- Category: Medical News
- Published on: Monday, 07 October 2013
Gut bacteria are a huge topic in medicine and a subject of a growing number of scientific studies. In a recent study scientists discovered that these microorganisms play a large role in determining a person’s weight. These findings might secure gut bacteria a central place in medical research and in the obesity treatment centres.
The USA has invested a huge amount of money in making attempts to discover a solution to the problem with obesity.
Scientists from Washington University in St. Louis did a set of experiments based on the hypothesis that the composition of gut bacteria in a person’s body is the reason for slowing down or speeding up human metabolism and hence a person’s inclination for gaining or losing weight.
In order to exclude the other factors influencing a person’s weight – genes and living environment, the scientists chose as a subject of their study monozygotic twins who differed only in weight.
The researchers took gut bacteria from the slim twins and the overweight twins and put them in the bodies of lab mice. The mice had grown in a sterile environment and they had no bacteria of their own. In addition, the lab mice were genetically identical.
Mice were divided into two groups. The first group received bacteria from the slim people and the second group – from the obese. Mice with the obese twin's bacteria became heavier and their body fat increased by 15-17% within 5 weeks. Mice in the other group remained lean.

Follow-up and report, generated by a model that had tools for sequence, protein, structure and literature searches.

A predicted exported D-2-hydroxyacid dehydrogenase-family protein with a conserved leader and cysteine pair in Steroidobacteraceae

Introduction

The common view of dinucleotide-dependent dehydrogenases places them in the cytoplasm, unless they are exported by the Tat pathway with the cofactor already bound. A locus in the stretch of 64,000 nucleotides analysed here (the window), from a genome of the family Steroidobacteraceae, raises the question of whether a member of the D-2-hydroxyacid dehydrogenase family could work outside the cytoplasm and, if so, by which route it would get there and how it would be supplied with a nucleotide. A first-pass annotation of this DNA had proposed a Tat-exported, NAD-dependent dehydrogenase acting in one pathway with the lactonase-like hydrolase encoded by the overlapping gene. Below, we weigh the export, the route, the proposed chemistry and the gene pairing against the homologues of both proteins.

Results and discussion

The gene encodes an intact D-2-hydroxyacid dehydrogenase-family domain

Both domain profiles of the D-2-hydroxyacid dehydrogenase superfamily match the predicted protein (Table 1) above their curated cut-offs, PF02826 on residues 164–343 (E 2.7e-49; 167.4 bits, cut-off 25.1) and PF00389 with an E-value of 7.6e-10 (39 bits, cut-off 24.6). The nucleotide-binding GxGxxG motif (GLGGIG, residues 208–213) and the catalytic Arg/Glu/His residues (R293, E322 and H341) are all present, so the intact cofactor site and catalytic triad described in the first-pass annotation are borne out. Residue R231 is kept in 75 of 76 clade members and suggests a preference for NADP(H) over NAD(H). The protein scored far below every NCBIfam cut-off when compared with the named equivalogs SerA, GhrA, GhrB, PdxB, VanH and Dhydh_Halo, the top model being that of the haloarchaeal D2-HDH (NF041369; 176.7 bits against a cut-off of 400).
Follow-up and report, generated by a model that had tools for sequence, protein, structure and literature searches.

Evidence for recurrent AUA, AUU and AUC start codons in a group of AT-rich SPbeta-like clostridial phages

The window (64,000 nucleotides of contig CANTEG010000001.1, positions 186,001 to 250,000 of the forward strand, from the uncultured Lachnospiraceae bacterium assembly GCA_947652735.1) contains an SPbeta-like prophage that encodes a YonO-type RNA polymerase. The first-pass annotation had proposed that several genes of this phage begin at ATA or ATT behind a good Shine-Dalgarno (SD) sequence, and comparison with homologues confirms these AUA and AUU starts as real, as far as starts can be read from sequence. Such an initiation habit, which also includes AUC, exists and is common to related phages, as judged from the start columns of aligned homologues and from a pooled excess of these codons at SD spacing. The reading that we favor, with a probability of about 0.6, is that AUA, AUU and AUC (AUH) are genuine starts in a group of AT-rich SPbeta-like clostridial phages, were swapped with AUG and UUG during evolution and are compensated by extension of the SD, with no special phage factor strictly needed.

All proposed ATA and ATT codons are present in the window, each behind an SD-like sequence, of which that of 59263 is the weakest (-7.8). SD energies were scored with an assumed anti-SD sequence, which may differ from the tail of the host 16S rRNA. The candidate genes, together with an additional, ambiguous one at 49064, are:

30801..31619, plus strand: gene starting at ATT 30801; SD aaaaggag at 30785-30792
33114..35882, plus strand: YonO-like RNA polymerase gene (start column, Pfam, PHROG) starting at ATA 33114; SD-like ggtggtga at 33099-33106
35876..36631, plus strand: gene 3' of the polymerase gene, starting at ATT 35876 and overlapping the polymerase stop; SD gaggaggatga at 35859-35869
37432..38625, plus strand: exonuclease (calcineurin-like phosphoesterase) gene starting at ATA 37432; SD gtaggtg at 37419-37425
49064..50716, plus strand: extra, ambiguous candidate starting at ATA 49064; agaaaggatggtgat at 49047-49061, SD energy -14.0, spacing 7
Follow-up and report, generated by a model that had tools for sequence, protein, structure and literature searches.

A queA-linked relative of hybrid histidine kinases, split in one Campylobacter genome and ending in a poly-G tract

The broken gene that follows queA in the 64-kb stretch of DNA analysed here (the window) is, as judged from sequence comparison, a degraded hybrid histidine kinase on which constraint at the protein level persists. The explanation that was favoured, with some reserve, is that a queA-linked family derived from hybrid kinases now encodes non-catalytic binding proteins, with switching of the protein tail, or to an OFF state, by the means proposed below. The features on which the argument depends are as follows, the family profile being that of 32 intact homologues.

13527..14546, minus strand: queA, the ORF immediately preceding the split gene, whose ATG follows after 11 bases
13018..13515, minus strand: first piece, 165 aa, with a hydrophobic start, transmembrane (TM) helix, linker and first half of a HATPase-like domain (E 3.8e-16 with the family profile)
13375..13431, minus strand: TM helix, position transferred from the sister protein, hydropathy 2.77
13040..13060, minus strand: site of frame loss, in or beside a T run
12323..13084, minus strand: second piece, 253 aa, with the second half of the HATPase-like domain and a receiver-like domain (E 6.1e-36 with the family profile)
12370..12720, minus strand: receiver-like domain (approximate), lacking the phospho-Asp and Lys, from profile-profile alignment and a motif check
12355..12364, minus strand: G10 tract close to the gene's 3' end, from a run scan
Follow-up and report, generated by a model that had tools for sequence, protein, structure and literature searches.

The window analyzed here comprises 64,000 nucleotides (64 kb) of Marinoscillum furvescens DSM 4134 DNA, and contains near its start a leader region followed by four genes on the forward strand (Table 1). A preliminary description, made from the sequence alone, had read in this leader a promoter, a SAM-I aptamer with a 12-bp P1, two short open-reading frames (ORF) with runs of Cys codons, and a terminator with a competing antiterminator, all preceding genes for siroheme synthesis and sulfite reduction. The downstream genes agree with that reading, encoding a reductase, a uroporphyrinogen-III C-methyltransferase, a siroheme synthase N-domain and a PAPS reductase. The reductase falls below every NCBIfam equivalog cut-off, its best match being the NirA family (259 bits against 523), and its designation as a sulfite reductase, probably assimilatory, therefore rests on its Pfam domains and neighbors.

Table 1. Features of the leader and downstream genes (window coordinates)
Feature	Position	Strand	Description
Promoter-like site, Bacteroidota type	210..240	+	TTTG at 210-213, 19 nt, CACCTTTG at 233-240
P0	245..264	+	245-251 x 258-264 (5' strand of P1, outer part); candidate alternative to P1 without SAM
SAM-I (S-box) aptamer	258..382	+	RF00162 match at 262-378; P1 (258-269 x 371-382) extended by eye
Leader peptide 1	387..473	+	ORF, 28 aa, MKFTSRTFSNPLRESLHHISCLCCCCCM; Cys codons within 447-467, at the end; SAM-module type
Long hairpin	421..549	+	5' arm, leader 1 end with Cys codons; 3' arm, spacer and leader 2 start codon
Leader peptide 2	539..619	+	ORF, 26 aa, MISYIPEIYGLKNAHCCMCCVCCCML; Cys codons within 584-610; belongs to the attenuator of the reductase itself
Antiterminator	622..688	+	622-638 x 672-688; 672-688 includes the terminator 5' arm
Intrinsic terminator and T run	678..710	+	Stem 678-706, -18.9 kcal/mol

Then the scientists put all mice in one cage in order to see what would happen when bacteria from slim and obese people mix since mice have the habit of eating each other’s feces. During the “bacteria battle” it turned out that slim mice stayed slim and obese mice lost weight. It is important to point out that during this period of cohabitation mice were fed with food rich in fibers and without trans-fat acids.
The next stage of the study was to check the role of nutrition in the composition of gut bacteria. Mice’s diet switched to the typical American diet – poor in fibers and containing a lot of trans-fat acids. The result: mice gained weight again.
The conclusion of the team of scientists who participated in the study was that a mix of bacteria taken from slim people can be given to obese people to accelerate the process of slimming down. However, this method must be combined with the right diet since obviously healthy foods allow for good bacteria to grow and work properly.
D-r Gordon, one of the researchers commented on the possible effect of the findings on the future development of food industry:
"In the future, the nutritional value and the effects of food will involve significant consideration of our microbiota, and developing healthy, nutritious foods will be done from the inside out, not just the outside in," he said.
D-r Karp, another participant in the study, noted that he was not sure weight loss centres would take the cautious approach required in using this brand-new method for treating obesity:
“It would not surprise me if someone somewhere starts doing it,” Dr. Karp said.
According to D-r Gordon, it might take at least 5 more years of research to determine the best combinations of gut bacteria to match a person's diet, and then to grow those microorganisms in sterile lab dishes and finally to turn them into pills.